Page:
HAVANA TIMES — On June 21, International Yoga Day was celebrated for the first time around the world. Yoga is an age-old system of thought that, through the school that has been most widely accepted and divulged in the West, Hatha Yoga, has demonstrated the effectiveness of exercises that work directly on the invisible and intangible structure of the human body.
When out of harmony, the body’s nadis or energy vortices, which cannot be detected by stethoscopes or scanners, express themselves in the form of disorders. That Western medicine has followed the exact opposite path in its inquiries and the solutions it has developed has thankfully not kept these techniques from spreading and becoming deeply rooted in different communities, despite the abysmally different culture they embody.
Cuba also took part in this extraordinary worldwide event, through television spots and a two-day gathering at the Abreu Fontan social club, in the neighborhood of Playa.
The ambassador of India attended the gathering and, following a simple speech, went from words to practice, participating in a Hatha class as another disciple.
The emotive address delivered by the Prime Minister of India, who thanked the international community for recognizing the value of Yoga, its objective benefits for physical health and mental peace (undeniable needs in a world torn apart by stress) was aired.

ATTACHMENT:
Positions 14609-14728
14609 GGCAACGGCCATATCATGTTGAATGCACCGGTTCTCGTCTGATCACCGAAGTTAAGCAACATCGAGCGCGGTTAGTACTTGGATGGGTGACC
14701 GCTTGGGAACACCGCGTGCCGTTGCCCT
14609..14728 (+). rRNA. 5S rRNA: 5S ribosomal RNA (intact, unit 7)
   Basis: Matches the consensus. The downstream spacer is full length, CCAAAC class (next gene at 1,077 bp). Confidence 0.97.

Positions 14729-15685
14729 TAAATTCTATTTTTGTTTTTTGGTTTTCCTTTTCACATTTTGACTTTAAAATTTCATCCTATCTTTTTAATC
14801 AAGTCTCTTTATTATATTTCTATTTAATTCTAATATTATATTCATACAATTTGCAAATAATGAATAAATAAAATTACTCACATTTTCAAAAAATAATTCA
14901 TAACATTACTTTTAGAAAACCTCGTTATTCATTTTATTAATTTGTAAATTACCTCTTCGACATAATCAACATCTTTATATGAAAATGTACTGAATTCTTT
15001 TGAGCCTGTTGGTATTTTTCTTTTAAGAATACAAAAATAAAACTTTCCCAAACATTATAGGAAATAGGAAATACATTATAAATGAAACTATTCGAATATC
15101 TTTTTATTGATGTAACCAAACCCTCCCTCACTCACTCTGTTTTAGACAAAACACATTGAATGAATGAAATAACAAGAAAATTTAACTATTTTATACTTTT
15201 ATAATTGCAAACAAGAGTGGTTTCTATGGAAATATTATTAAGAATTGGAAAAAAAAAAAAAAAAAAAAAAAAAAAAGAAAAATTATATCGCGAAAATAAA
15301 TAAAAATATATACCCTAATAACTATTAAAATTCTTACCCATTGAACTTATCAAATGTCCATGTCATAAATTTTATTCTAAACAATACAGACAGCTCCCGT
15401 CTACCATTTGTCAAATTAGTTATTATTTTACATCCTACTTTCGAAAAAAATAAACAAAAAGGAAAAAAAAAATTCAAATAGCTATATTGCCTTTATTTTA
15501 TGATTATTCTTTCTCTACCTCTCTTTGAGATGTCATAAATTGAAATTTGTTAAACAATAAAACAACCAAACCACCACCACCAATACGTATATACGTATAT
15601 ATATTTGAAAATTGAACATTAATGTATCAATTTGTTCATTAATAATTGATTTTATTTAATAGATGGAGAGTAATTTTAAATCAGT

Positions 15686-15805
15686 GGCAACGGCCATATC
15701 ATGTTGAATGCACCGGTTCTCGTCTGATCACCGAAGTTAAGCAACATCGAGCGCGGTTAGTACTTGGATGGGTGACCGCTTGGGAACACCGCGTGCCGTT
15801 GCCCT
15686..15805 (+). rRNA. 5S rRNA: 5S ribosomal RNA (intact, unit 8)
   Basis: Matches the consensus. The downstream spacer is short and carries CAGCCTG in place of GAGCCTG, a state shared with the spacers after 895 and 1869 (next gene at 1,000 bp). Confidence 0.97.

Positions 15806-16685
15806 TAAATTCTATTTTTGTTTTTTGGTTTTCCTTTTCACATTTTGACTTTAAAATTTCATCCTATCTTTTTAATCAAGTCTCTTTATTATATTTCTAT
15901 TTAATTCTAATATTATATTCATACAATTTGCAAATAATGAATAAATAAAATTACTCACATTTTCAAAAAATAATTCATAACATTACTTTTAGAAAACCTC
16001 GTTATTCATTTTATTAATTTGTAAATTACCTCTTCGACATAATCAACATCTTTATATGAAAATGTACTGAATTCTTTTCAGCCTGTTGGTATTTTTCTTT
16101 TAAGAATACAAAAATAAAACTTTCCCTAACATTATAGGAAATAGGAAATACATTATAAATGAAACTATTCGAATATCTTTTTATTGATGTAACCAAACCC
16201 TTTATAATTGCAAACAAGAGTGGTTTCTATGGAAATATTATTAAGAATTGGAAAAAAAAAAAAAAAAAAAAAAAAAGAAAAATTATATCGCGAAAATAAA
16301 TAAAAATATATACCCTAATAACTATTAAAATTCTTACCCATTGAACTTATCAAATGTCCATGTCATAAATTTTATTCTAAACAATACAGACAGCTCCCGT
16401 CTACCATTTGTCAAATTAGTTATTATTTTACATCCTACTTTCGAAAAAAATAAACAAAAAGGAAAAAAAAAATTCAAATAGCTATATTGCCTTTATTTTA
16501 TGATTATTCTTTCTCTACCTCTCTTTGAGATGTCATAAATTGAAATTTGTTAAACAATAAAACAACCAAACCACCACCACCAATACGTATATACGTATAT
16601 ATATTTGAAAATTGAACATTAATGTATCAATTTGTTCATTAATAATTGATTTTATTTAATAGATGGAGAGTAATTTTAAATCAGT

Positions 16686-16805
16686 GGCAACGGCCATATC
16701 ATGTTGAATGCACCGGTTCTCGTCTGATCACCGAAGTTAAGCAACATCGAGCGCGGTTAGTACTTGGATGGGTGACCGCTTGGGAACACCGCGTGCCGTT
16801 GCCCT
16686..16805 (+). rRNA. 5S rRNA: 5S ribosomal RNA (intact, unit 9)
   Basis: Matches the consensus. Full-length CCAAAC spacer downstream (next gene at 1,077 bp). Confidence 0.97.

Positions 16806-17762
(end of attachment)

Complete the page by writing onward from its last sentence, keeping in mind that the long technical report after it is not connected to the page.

Eduardo Pimentel, chair of the Cuban Yoga Association, spoke about the origins of this school in Cuba and, though the prejudices that still exist (let alone the harassment that those who laid the foundations of these philosophies decades ago have been subjected to) were of course passed over in silence, this minimum of official acknowledgement is doubtless a great step forward.
As the Indian Prime Minister rightly said, Yoga belongs, not to India but to humanity as a whole. Spirituality is intrinsic to human beings, whether they are conscious of this or not, and the longing for a world of harmony and kindness throbs even beneath the maelstrom of materialism, competition and the frenetic pace of consumption and technology.
The only shortcoming of the event held in Cuba was that it failed to stress that there are numerous schools that have sprung from the classic ones, as well as a space where these, and those that have become rooted in our country, come together, such as Kriya Yoga (founded before 1959 by Paramahamsa Yogananda) and later initiatives, such as Iskcon, Siddha Yoga, Ananda Marga, Maha Rishi Mahesh, Ascension Ishay, Vrinda and Surat Shabd Yoga.
Despite the fact that eastern philosophies continue to be unjustifiably excluded from the philosophy syllabus at Western universities, now, thanks to the recently concluded book fair in Cuba (where India was the guest country) part of the ancient philosophical legacy contained in works such as the “Bhagavad Gita” or the “Ramayana” can still be accessed at Cuban bookstores.
It is also worthwhile to mention the volume India en el camino de los dioses (“India on the Path of the Gods”), by Maria del Carmen Solana Valdes, a serious and meticulous study that essays a first incursion into a land of undeniable mysticism.
Having participated in the celebrations of International Yoga Day, Cuba accepts and validates the search for individual peace whose result worldwide is the absence of stress, the absence of confrontation and the absence of wars. The alternative, applicable to all and under any circumstance, is summarized by an old Yoga maxim: one must first change in order to change the world.